Quecreek 'miracle' offered Sago families false hope
Randy Fogle was the first of the nine miners to be rescued from the Quecreek Mine in 2002.
DEADLY MINE ACCIDENTS
(CNN) -- As family members waited for word on the fate of the 13 West Virginia miners trapped in the Sago Mine, they looked up to God and north to Pennsylvania's Quecreek Mine. Both gave them hope.
During the summer of 2002, nine Quecreek miners emerged from a narrow rescue shaft after being trapped for more than three days. They were cold. They were sore. They were hungry. But they were alive.
The folks at Sago dared to hope for such a miracle.
But from the start, the two accidents were fatally disparate. Twelve miners died at Sago and one remains hospitalized.
Miners triggered the Quecreek accident when flawed maps led them to dig through the wall of a flooded tunnel, unleashing millions of gallons of water.
Water and cold were the main threats. The miners could fight off both.
At Sago, there was an explosion that generated poisonous carbon monoxide gas. Escaping that would be more difficult.
"It's a clear and different scenario, " Quecreek miner Harry "Blaine" Mayhugh told CNN. "Don't get me wrong, the water we hit was pouring as fast as any water ever seen, but we still had time to get out of the way and try to fight our way out of the mine," he said. "And their situation, the explosion happened quick. I mean, boom, it's there."
Mayhugh said that the Sago miners would not have had much time to react after the explosion and would have to deal with toxic gases from the blast.
It's not yet clear what happened to the 12 Sago miners after the explosion that trapped them 260 feet underground.
Authorities found the body of the 13th miner closer to the mine entrance.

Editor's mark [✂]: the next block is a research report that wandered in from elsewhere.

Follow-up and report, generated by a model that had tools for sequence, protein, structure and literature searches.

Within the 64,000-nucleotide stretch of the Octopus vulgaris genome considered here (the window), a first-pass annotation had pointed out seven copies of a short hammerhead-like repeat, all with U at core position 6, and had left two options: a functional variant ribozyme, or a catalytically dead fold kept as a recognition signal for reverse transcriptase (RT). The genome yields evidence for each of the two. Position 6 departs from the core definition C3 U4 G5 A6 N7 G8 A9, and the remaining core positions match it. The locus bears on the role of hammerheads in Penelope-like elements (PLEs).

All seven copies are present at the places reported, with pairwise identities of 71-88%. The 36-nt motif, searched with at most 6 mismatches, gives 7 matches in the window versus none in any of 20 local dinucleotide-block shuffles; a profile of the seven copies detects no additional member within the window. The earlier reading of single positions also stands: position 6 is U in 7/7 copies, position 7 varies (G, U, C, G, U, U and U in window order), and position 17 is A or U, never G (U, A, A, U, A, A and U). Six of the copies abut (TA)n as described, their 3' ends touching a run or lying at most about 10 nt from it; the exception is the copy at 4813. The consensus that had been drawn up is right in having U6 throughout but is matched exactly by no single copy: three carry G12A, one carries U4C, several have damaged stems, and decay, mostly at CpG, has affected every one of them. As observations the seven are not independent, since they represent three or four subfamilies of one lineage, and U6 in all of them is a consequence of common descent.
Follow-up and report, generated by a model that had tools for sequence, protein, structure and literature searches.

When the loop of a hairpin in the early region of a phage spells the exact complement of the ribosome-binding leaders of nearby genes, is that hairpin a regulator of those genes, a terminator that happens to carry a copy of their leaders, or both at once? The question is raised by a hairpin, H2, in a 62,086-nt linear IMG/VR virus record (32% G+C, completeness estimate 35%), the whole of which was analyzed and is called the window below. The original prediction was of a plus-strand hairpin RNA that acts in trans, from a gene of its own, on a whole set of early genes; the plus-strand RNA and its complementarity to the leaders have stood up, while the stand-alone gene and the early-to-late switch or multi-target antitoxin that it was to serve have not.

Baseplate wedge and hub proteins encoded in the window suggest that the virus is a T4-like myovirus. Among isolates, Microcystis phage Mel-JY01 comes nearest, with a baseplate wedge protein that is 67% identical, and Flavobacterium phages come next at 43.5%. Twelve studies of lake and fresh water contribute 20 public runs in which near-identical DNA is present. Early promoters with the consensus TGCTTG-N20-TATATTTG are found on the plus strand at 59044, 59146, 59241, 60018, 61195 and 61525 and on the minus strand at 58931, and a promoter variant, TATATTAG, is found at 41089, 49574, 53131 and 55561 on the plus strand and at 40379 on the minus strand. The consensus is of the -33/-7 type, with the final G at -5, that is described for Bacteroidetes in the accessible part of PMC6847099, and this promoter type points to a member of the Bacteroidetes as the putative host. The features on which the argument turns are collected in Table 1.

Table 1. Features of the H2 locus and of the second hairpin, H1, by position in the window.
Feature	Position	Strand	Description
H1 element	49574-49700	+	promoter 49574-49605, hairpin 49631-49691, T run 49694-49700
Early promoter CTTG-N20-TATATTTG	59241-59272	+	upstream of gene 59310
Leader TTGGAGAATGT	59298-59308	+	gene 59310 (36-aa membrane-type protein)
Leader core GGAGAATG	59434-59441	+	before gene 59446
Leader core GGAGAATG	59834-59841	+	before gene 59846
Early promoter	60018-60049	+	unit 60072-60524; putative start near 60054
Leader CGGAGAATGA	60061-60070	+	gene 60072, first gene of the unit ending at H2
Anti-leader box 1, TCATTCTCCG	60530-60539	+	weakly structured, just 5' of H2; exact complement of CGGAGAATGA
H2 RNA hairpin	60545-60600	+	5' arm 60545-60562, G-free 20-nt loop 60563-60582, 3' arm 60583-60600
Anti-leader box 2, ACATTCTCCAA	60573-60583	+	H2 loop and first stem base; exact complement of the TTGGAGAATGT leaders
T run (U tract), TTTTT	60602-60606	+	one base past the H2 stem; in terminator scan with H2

The other Sago miners were found some 13,000 feet into the mine and had remained alive for a period of time following Monday's explosion, according to Ben Hatfield, CEO of International Coal Group.
They had built a "rough barricade structure," he said, and had donned their self-contained breathing apparatus. The apparatus held one hour of oxygen.
Hatfield said he has no way of knowing how long the miners were alive.
Rescuers dug a series of 6-inch diameter shafts into the mine in hopes of making contact. There was none.
But at Quecreek, miners were able to communicate with the surface by tapping on a pipe shortly after the drill reached their safe haven. Later, a phone was lowered to them so they could talk to rescuers.
Sensors at Sago detected deadly levels of carbon monoxide in the area where the men were working, but a camera did not show any sign of them. Rescuers and families held out hope they'd moved to an area with clean air.
At Quecreek, rescue efforts included pumping warmed, clean air into the mine. That infusion of air stopped the water from rising. At Sago, there was no way to pump out the lethal carbon monoxide.
In both mining accidents, friends and family had to endure painfully slow attempts to reach the trapped men.
Mine safety expert Mark Radomosky said the Sago emergency crews had to work carefully, even though they were racing against the clock.
"If you rush in, and if you try to reventilate the mine, for example, you could risk a secondary explosion," he said, "and put those rescuers at risk."
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